Theoretical models of carcinogenic particle deposition and clearance in children’s lungs
Introduction: Deposition and clearance of carcinogenic particles in the lungs of subjects belonging to four different age groups (infants, children, adolescents, and adults) were theoretically investigated. The study is thought to contribute to the improvement of our knowledge concerning the behaviour of inhaled particles in lungs that may be attributed to different stages of development.
Methods: Particle deposition and clearance were simulated by using a well established stochastic lung model, allowing the generation of nearly realistic scenarios. For the computation of particle deposition all main deposition forces were considered. Additionally, any influences on particle behaviour due to particle geometry were covered by using the aerodynamic diameter concept. Particle clearance was simulated by defining both a fast mucociliary clearance phase and a slow bronchial/alveolar clearance phase, the latter of which is based on previously published models and suggestions.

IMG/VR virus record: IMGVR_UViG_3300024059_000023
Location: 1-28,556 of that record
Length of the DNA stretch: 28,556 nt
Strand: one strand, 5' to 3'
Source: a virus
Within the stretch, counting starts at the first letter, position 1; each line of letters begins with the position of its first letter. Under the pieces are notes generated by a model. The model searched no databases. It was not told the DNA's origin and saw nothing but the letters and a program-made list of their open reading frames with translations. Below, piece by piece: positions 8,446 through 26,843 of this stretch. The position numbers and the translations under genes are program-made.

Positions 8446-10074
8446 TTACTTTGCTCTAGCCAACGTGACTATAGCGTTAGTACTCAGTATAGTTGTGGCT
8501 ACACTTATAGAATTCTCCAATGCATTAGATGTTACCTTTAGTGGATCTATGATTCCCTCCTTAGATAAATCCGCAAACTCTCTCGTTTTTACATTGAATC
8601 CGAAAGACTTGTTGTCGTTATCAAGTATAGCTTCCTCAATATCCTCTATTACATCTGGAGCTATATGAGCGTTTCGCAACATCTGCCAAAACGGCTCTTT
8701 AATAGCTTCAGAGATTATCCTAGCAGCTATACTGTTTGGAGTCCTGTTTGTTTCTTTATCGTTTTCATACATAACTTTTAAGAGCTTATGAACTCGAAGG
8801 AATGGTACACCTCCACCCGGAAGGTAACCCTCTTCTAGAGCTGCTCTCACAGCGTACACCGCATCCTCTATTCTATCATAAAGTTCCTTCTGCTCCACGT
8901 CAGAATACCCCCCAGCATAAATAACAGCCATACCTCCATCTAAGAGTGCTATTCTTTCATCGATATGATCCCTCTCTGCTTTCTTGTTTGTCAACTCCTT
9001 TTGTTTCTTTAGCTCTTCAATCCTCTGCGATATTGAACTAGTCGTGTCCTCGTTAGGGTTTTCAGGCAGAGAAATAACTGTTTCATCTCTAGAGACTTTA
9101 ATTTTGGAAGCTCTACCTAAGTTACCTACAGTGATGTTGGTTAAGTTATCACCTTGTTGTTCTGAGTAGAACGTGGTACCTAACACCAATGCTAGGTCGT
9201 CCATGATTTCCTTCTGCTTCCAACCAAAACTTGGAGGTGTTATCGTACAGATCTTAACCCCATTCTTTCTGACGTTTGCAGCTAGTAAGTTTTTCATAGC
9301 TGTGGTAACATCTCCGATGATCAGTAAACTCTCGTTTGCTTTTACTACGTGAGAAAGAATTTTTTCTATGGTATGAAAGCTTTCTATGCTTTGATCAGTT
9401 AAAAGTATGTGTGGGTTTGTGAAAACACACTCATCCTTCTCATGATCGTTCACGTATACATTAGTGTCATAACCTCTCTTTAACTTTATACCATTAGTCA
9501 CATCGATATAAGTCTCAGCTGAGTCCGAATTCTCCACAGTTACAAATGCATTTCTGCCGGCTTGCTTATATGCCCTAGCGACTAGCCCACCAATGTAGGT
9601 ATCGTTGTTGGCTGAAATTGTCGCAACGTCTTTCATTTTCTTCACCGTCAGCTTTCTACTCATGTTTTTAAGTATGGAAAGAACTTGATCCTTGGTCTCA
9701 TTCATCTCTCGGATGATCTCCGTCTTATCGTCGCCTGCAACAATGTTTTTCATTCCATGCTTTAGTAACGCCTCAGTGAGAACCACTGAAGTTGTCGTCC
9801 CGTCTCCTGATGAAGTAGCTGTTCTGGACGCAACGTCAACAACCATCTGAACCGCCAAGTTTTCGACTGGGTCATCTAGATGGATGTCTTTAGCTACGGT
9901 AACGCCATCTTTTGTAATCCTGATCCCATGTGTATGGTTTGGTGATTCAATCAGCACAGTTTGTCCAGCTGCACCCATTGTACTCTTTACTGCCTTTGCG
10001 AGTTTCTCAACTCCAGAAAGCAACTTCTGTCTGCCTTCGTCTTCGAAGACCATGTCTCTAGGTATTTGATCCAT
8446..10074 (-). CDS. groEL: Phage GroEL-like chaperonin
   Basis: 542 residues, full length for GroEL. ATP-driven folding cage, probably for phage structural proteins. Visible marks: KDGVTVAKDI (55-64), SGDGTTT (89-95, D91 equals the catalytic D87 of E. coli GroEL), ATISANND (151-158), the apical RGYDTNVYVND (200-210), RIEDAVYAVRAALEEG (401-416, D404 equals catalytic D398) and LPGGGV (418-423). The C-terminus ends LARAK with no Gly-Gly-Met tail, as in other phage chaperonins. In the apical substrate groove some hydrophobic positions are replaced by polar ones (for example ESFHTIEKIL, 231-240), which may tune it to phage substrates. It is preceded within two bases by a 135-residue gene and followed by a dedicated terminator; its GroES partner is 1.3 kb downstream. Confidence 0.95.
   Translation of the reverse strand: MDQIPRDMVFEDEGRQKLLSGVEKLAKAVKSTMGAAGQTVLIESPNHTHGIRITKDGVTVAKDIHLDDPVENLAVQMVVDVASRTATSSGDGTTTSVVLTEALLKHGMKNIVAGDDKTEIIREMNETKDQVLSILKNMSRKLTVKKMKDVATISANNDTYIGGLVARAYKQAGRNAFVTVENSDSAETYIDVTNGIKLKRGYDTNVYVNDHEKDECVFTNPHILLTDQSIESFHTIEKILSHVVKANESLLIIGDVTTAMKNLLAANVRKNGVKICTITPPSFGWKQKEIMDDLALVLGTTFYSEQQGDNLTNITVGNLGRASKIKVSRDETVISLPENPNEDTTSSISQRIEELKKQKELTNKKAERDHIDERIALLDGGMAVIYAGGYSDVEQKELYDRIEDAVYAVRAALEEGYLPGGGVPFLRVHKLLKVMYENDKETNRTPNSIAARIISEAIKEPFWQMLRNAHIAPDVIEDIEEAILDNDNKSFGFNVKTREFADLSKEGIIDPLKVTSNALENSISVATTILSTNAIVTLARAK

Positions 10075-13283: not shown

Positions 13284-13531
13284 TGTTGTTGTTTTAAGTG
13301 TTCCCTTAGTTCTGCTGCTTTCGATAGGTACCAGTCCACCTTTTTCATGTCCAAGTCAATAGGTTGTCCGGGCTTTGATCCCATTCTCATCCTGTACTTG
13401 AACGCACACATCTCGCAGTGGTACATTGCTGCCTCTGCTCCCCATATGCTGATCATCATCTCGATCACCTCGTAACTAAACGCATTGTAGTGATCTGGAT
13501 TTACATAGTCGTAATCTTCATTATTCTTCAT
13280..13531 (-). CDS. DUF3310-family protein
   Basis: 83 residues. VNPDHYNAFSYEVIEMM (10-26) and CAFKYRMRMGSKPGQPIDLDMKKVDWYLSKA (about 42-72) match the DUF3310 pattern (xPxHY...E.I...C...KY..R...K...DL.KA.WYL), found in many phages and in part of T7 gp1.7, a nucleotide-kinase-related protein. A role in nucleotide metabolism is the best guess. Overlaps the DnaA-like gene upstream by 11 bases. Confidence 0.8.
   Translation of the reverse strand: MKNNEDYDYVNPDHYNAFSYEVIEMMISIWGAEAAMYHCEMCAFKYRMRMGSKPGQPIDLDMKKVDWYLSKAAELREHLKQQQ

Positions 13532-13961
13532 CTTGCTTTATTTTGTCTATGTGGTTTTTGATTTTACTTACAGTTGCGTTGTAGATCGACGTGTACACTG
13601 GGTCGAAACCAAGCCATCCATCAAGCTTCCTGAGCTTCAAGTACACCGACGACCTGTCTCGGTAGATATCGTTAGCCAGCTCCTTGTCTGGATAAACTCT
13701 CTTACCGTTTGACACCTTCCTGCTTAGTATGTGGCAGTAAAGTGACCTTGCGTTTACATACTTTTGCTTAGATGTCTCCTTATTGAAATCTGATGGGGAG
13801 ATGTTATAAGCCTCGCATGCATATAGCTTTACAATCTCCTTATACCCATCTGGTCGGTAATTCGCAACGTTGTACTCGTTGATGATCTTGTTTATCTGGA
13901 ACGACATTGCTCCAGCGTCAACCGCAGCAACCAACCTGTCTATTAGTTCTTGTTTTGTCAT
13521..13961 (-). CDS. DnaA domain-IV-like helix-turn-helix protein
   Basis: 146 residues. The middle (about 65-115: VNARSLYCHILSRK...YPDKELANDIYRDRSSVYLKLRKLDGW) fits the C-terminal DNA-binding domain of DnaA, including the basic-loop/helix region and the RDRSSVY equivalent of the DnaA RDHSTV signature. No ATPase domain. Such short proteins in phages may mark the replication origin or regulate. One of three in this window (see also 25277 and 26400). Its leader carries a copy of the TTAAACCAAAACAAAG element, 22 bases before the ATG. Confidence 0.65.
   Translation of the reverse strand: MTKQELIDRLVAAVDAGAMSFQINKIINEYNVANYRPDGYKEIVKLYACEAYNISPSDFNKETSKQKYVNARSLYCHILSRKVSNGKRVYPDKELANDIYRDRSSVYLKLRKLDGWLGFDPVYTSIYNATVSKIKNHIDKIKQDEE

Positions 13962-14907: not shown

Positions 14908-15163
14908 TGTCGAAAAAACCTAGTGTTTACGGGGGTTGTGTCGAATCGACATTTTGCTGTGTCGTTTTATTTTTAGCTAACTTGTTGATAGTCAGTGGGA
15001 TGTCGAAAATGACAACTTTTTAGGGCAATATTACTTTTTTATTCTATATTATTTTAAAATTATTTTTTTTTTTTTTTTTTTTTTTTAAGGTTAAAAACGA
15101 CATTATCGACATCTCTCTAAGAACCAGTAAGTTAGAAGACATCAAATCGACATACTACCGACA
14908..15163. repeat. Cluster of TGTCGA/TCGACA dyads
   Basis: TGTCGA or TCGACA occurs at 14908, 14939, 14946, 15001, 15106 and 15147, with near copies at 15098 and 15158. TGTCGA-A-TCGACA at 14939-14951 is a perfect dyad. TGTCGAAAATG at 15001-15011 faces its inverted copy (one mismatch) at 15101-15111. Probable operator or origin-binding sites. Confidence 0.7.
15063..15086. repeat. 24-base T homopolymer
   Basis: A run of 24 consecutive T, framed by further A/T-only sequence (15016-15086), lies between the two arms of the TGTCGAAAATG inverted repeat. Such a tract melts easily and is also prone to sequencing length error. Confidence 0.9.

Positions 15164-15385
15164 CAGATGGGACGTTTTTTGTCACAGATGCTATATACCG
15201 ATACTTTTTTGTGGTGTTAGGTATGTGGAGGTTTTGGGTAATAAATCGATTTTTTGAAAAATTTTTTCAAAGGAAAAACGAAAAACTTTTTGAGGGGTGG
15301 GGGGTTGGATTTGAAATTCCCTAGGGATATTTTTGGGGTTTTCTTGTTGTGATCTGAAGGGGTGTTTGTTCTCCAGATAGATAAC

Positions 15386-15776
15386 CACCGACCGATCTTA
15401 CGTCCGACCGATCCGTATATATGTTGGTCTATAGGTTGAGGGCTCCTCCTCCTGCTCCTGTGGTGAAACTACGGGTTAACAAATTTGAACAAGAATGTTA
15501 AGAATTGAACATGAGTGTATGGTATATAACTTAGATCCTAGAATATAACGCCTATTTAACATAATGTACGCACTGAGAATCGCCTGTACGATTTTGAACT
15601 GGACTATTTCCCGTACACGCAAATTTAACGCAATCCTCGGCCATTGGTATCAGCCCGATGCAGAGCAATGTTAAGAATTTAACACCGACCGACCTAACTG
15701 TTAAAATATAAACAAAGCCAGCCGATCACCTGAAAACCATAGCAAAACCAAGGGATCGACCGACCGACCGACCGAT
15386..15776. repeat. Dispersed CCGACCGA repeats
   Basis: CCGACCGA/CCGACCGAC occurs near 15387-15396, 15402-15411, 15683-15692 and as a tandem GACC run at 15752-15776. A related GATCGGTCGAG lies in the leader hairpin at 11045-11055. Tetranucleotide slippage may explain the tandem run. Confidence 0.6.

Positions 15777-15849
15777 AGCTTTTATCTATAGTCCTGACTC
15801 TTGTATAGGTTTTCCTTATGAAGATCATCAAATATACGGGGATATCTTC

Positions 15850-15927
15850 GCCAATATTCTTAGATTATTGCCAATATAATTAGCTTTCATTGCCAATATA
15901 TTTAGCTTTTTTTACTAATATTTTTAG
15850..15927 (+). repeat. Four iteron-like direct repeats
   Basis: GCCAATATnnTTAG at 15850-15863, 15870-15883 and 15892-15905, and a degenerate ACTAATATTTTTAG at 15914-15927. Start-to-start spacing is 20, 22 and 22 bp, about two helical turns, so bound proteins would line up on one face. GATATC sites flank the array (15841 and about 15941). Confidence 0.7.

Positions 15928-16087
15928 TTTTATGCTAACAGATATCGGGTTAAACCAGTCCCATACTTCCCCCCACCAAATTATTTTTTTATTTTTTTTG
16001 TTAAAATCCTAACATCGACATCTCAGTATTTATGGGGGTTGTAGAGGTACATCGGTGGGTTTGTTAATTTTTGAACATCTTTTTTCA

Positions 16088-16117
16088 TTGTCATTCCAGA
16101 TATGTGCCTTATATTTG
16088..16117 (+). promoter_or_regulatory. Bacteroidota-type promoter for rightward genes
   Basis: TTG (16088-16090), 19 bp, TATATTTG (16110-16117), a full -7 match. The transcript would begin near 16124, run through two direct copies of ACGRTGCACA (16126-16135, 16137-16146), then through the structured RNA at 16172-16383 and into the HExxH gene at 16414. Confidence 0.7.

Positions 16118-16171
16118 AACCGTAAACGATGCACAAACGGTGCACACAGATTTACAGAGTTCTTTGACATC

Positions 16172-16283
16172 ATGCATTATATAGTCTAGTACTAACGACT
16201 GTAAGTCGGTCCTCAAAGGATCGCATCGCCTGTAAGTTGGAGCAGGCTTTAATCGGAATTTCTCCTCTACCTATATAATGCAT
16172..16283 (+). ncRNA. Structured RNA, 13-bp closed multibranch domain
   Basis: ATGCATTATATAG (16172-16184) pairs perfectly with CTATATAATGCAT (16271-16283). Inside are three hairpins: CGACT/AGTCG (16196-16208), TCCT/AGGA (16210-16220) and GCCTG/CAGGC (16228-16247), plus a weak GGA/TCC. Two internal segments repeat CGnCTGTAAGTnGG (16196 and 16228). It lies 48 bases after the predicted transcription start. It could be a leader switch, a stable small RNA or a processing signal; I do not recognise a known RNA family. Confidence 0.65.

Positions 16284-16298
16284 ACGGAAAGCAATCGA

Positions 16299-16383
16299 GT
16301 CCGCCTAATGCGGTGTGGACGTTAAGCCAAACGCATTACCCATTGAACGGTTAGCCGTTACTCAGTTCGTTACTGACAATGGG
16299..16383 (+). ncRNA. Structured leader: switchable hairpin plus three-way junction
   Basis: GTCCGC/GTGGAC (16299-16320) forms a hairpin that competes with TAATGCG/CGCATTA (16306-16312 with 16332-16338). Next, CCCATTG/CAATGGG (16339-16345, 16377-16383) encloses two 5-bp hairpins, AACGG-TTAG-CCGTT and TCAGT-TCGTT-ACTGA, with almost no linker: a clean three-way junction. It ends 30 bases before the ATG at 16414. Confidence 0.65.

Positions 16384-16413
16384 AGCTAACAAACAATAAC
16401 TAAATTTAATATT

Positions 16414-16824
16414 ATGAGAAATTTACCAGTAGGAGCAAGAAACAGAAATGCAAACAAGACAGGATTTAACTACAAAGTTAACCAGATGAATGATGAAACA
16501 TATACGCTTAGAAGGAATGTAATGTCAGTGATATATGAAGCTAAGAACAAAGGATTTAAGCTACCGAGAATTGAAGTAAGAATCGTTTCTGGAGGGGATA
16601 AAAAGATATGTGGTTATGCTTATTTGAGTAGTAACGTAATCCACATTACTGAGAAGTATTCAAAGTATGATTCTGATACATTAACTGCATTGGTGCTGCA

Results: As clearly provided by the modelling computations, lung deposition of particles with aerodynamic diameters ranging from 1 nm to 10 μm may significantly differ between the studied age groups. Whilst in infants and children most particles are accumulated in the extrathoracic region and in the upper bronchi, in adolescents and adults high percentages of inhaled particular substances may also reach the lower bronchi and alveoli. Although mucus velocities are significantly lower in young subjects compared to the older ones, fast clearance is more efficient in small lungs due to the shorter clearance paths that have to be passed. Slow clearance is commonly characterized by insignificant discrepancies between the age groups.
Conclusions: From the study presented here it may be concluded that particle behaviour in infants’ and children’s lungs has to be regarded in a different light with respect to that in adolescents and adults. Although young subjects possess natural mechanisms of protecting their lungs from hazardous aerosols (e.g., expressed by breathing behaviour and lung size), they are much more sensitive to any particle exposure, since particle concentrations per lung tissue area may reach alarming values within a short period of inhalation.